Research will lead to better predictions about rising sea levels
The fastest ongoing rates of glacier retreat ever recorded have been documented by researchers at the University of California, Irvine (UCI) and NASA, in two new studies.
The results show how the frozen mass is influenced by the interaction between ocean conditions and the bedrock beneath a glacier. This offers an unprecedented peek into the melting ice on the floating undersides of glaciers, allowing scientists to better predict Antarctica’s future ice loss and the rise in global sea levels.
Three neighbouring glaciers – Smith, Pope and Kohler – that were melting and retreating at different rates were used in the studies. They flow into the Dotson and Crosson ice shelves in the Amundsen Sea embayment in West Antarctica, where the greatest ice loss on the continent can be found.
For UCI, their focus was to find out how the Amundsen Sea sector of West Antarctica would contribute to the rise in sea level in the future, after their observation of massive changes in the area in the previous two decades.
“Using satellite data, we continue to measure the evolution of the grounding line of these glaciers, which helps us determine their stability and how much mass the glacier is gaining or losing. Our results show that the observed glaciers continue to lose mass and thus contribute to global sea level rise,” said Bernd Scheuchl, lead author of one of the studies, which was published in the Geophysical Research Letters in August.
The grounding line is where the glacier loses contact with the bedrock and starts to float on the ocean. This detail is important because almost all glacier melting occurs on the underside of this floating portion, called the ice shelf. If too much mass is lost due to enhanced melting, the glacier may start to float farther inland away from its former grounding line. This situation is called a grounding line retreat.
It was discovered that since 1996, the grounding lines of the Smith and Pope Glacier had been retreating two kilometres and half a kilometre annually, respectively. For the Kohler Glacier, it actually readvanced two kilometres since 2011.
“Our work shows that the data collected is very well-suited for ice sheet science, and we can combine it with other satellite and airborne data sets to establish a more detailed record of these glaciers,” said Scheuchl.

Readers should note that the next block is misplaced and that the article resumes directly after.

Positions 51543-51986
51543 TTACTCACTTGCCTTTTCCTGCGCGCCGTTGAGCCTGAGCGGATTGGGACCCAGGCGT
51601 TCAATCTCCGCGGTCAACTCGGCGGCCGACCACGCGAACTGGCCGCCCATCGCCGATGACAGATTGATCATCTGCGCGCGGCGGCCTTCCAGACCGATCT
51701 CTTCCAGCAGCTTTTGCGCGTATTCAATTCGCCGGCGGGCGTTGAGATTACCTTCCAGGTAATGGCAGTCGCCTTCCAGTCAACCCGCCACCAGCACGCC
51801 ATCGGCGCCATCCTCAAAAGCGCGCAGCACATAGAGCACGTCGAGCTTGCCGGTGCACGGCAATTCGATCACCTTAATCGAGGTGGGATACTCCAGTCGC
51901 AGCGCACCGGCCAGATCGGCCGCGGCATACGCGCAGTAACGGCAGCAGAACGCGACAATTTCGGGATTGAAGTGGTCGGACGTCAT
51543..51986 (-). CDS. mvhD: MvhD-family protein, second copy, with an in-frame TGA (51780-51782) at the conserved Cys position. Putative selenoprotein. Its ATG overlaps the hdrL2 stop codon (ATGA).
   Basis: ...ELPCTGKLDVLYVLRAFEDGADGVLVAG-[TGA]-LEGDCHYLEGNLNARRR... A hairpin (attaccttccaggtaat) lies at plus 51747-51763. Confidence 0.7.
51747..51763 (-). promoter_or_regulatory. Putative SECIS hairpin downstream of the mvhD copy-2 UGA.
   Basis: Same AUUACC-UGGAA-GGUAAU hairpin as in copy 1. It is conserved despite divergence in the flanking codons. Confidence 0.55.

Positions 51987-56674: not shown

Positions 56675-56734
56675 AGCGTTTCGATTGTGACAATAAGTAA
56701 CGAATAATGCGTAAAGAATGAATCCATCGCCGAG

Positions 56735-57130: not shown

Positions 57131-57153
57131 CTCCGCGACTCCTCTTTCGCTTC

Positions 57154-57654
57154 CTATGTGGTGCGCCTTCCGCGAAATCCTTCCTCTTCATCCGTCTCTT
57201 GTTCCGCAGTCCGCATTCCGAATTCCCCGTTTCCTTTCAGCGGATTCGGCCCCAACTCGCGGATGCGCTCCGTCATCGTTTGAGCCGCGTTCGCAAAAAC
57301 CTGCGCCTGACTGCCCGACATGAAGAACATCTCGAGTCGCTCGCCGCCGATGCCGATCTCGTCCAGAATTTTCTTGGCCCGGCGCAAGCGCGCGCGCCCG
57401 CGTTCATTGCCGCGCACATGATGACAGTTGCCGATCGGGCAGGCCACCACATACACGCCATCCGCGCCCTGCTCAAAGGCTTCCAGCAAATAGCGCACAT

In a separate study published recently in Nature Communications, Ala Khazendar from the NASA Jet Propulsion Laboratory and co-author of Scheuchl’s paper, measured ice loss at the bottom of the three glaciers. Suspecting that ice loss might influence changes in the glaciers’ grounding lines, he used radar and altimetry instruments to gauge the thickness and height of the ice between 2002 and 2014. Laser measurements of the surface elevation were used to infer changes in the thickness of the floating ice shelves.
Previous estimates of the average melting rates at the bottom of the Dotson and Crosson ice shelves, using other methods, were about 12 metres per year. This was much lower that the rates of ice loss from the glaciers’ undersides on the ocean sides of their grounding line, that were measured by Khazendar and his team. They discovered that Smith Glacier, the fastest-melting glacier, lost between 300 to 490 metres in thickness between 2002 and 2009 near its grounding line. This amounts up to 70 metres annually.
During 2002 and 2009, rapid mass ice loss was observed around the Amundsen Sea. Based on the regional scale of the decline, the scientists suspect that an increase in the influx of ocean heat beneath the ice shelves had taken place. “Our observations provide a crucial piece of evidence to support that suspicion, as they directly reveal the intensity of ice melting at the bottom of the glaciers during that period,” said Khazendar.
Two IceBridge instruments, which employ different techniques, both measured the same amount of rapid ice loss. “If I had been using data from only one instrument, I wouldn’t have believed what I was looking at, because the thinning was so large,” Khazendar said.
He said that Smith’s rapid retreat and thinning are likely to be due to the shape of the underlying bedrock over which it was retreating between 1996 and 2014, which sloped downward toward the continental interior. As the grounding line receded, warm and dense ocean water reached the newly uncovered deeper parts of this cavity, causing more melting.
As more sections of the glacier become thinner and float, the grounding line would continue to retreat. However, the retreat of Smith’s Glacier may slow down now that its grounding line has reached the bedrock that rises farther inland of the 2014 grounding line.
As for the Pope and Kohler Glaciers, they are on bedrock that slopes upward toward the interior.
For the other glaciers in West Antarctica, it is unknown whether they would behave more like the Smith Glacier or like Pope and Kohler Glaciers. Many in this sector of Antarctica are similar to the Smith Glacier, in that they are on beds that deepen farther inland.
Both Khazendar and Scheuchl said that more information is still needed about the shape of the bedrock, the seafloor beneath the ice, and ocean circulation and temperatures to better project how much ice the glaciers will contribute to the ocean.